Sharabha: An avatar of Shiva:
Sharabha is an incarnation of Shiva. Not many are aware of this avatar, which is the most powerful form ever taken by Shiva to protect the Universe. He took this incarnation to subdue the fierce avatar, Narasimha, taken by Vishnu to protect his devotee, Prahlada, from his evil father, the demon king, Hiranyakashipu. But even after killing him, Narasimha’s fury did not subside. He went on roaring furiously and continued to wreak destruction. It was a dreadful situation that the Universe faced due to his uncontrolled fury. Even his consort Lakshmi could not pacify him. The other gods became alarmed by this and rushed to Shiva and sought his help. Initially, Shiva took the form of Veerabhadra and tried to calm him, but it had no effect. It was then that Shiva decided to take the form of Sharabha as a way of pacifying Narasimha and thereby restoring him to his original form.
The Sharabha avatar of Lord Shiva is a mix of human, bird, and animal. It had many arms, legs, and claws and resembled a fierce and gigantic dragon. The entangled tresses added to the ferocious aspect of the being. On the head was a huge crest that was dome-shaped. On the backside were huge wings that were spread out wide and a long tail. The sharp claws and teeth were like weapons. It had a voice like thunder that made everyone quake in fear and three eyes that glowed like balls of fire. It also kept making hissing sounds like a snake. Both in its structure and might, it was superior to Narasimha, which was half man and half lion.
Sharabha used his long tail to lift Narasimha and throw him to the ground. To prevent this, Narasimha prayed to Sharabha and asked him for forgiveness. He also used beautiful names and epithets, which later came to be called the Ashtothra (108 names) of the victorious deity. Shiva then told all the gods that he had taken the form of Sharabeshwara to pacify Vishnu, who had taken the form of Narasimha to kill the evil demon, Hiranyakashipu. He also added that Vishnu and he were one and the same. They were also inseparable and should be worshipped as one. Shiva, as Sharabeswara, was able to calm Narasimha and restore him to his divine form. To show his respect to Sharaba, Lord Vishnu removed his lion skin and gifted it to Sharaba. Idols of Sharabeswara are often found at the entrance of the sanctum sanctorum in Shiva temples.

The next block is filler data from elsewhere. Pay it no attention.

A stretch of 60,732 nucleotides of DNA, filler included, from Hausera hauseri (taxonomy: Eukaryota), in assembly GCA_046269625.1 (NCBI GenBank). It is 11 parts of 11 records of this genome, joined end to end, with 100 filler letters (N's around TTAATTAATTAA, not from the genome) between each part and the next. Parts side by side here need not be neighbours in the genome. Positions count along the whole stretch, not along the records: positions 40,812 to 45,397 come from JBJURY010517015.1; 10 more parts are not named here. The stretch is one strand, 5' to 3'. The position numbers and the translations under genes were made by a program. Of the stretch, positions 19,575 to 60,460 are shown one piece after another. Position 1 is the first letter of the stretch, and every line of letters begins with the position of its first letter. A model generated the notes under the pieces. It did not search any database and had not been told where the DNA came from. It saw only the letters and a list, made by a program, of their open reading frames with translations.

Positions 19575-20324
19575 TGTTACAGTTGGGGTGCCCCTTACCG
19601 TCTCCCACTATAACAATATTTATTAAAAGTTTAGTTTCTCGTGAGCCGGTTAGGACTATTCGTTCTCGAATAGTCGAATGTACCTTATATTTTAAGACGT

Other versions of the myth:
The Shiva Purana says that Shiva, after calming Narasimha, Sharabha decapitated and de-skinned Narasimha and wore the lion's head and skin as a garment.
When Narasimha hit Sharabha with his body, he groaned in pain but not Sharabha, whose body was very strong. Then Vishnu understood that Sharabha was actually Shiva and bowed to him and praised Sharabha. Shiva then blessed Vishnu and granted him a boon to kill demons. In one Purana, the story ends with the gods asking Shiva to abandon his Sharabha form as they were afraid that Sharabha would not be able to control his anger. So Shiva gave up Sharabha's form. He gave away his limbs, and his torso became a Kapalika. In the Vamana Purana, the tale ends with Narasimha becoming calm and assuming Vishnu’s divine form, and Sharabha turning into a lingam, which is Shiva’s symbol.
Another version says that Sharabha took Narasimha high up into the sky and then dropped him onto the ground. With this, Narasimha becomes calm, acknowledges Shiva’s power, and dies. Following this, Sharabha vanishes, and Veerabhadra appears. The latter tears the skin from Narasimha's body and wears it. He also removes Narasimha's head and adds it to the skulls in Shiva's necklace.
In the Shiva Purana, the story ends when Sharabha vanishes after defeating Narasimha. But in some versions, the story gets a twist, with Vishnu assuming the form of Gandaberunda, another fierce creature, a bird-beast with two heads. This beast was mightier than even Sharaba. The battle lasted many days until Goddess Shoolini pacified them.